US Census

NY May Challenge Census Count That Left State 89 People Shy Of Keeping Seat in Congress

Some lawmakers tried to pin the blame on the state or local officials for New York going from 27 members of the House of Representatives down to 26

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The day after New York learned that it is set to lose a seat in Congress after coming up 89 people short, state residents and politicians are trying to place blame and figure out how that could have happened.

Due to the 2020 U.S. Census results, New York will go from having 27 members in the House of Representatives, down to 26 in 2023. While many who live in the state — and said they filled out their census papers — looked at those who neglected to do so, calling them "lazy" and "not informed," lawmakers pinned the blame on each other.

"I don't feel so good about the state, I think the state could have done more," said New York City Mayor Bill de Blasio, a frequent critic of Gov. Andrew Cuomo. For his part, Cuomo said that there was a lot going on a the time, alluding to the pandemic and shutdown, but also said part of it may be due to "undocumented people who were nervous to come forward," fearing ICE raids during the Trump presidency.

New York will lose one seat in Congress as a result of national population shifts, according to census data released Monday — a loss that might have avoided if just a few more people had been counted. NBC New York's Rana Novini reports.

The governor said Tuesday that he had not ruled out challenging the decision, saying they are looking at their legal options for a potential recount.

"When you look at 89, that could be a minor mistake in counting, right?" he asked.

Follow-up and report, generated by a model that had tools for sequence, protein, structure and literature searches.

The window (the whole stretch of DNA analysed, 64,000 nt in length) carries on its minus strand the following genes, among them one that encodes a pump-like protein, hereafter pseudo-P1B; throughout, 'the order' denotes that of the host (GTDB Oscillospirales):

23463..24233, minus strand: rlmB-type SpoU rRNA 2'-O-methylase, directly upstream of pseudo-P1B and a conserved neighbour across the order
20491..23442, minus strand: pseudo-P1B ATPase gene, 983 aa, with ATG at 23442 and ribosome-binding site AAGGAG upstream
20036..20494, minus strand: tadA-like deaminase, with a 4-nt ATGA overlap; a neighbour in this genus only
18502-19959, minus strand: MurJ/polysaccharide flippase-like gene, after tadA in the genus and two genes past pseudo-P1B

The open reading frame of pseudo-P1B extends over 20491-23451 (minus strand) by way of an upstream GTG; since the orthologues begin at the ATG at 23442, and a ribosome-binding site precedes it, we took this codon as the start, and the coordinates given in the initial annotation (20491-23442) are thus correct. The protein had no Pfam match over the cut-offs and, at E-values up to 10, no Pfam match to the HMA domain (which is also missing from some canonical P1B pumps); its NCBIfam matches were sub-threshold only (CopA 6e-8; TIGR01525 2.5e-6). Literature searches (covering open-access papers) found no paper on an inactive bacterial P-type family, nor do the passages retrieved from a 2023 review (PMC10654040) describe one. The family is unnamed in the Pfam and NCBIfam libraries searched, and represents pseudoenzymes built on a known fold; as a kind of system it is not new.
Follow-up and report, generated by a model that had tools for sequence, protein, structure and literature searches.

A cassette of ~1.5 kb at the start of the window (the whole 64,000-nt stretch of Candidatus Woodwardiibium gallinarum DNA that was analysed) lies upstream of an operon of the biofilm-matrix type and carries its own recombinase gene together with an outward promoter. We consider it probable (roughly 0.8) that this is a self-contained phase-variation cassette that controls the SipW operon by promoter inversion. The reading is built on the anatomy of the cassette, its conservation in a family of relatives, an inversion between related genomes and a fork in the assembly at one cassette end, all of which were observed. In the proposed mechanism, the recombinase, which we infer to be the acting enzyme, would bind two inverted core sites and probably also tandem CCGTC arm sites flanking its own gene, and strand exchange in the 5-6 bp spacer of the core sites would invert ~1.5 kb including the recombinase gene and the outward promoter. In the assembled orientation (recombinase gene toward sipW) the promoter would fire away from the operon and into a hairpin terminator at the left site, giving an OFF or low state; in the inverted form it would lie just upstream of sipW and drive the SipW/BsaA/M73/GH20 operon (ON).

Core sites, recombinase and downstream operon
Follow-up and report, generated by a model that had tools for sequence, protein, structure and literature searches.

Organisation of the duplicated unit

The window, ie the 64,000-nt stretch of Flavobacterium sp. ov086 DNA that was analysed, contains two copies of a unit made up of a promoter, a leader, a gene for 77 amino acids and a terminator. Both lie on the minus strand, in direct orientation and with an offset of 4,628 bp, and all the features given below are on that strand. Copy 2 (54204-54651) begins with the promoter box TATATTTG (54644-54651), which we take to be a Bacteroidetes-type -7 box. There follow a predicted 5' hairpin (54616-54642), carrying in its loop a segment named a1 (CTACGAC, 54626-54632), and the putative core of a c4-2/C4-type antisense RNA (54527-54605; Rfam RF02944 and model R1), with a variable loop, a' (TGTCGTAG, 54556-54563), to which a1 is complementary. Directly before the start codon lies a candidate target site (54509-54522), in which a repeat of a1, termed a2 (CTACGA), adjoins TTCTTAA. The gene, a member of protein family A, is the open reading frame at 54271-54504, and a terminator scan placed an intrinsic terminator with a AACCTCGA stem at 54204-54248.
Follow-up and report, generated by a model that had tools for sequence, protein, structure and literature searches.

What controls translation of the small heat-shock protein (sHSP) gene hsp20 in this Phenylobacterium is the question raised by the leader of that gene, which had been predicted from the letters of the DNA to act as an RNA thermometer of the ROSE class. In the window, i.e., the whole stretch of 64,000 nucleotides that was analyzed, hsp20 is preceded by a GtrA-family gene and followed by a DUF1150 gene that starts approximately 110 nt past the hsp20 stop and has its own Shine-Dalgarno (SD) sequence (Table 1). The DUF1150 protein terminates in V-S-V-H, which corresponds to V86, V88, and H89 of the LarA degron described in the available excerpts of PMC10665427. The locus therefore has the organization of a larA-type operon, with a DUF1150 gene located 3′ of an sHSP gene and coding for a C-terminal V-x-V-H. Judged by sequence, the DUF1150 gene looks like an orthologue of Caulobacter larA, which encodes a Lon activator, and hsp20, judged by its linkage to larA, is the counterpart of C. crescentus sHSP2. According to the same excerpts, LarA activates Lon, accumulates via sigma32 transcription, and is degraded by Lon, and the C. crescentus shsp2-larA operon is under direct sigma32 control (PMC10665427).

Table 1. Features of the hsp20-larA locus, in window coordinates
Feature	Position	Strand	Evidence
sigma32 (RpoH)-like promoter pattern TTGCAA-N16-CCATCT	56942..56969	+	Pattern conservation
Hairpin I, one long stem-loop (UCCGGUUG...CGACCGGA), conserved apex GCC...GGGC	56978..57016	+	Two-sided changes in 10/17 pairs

Others put the blame on de Blasio. Mayoral candidate Shaun Donovan blamed the current mayor's incompetence, adding that instead of counting votes during his failed presidential bid, he should have been counting New Yorkers at home. De Blasio called the criticism "preposterous," and that the census-taking was being conducted "long after I was doing anything on the national level."

State Sen. Michael Gianaris is chair of New York's redistricting task force, a process that begins with a 10-member independent commission that will try to find agreement on how to draw new district lines. It is not clear yet which district will be eliminated.

"It all depends on where he population grew and where the population shrunk," Gianaris said.

The redistricting process will likely happen later 2021 or early 2022, once more census data is released.

The U.S. Census Bureau on Monday released state population totals that determine the number of House seats each state gets out of 435. According to the data, southern states grew the fastest, with a 10.2% overall increase in population.
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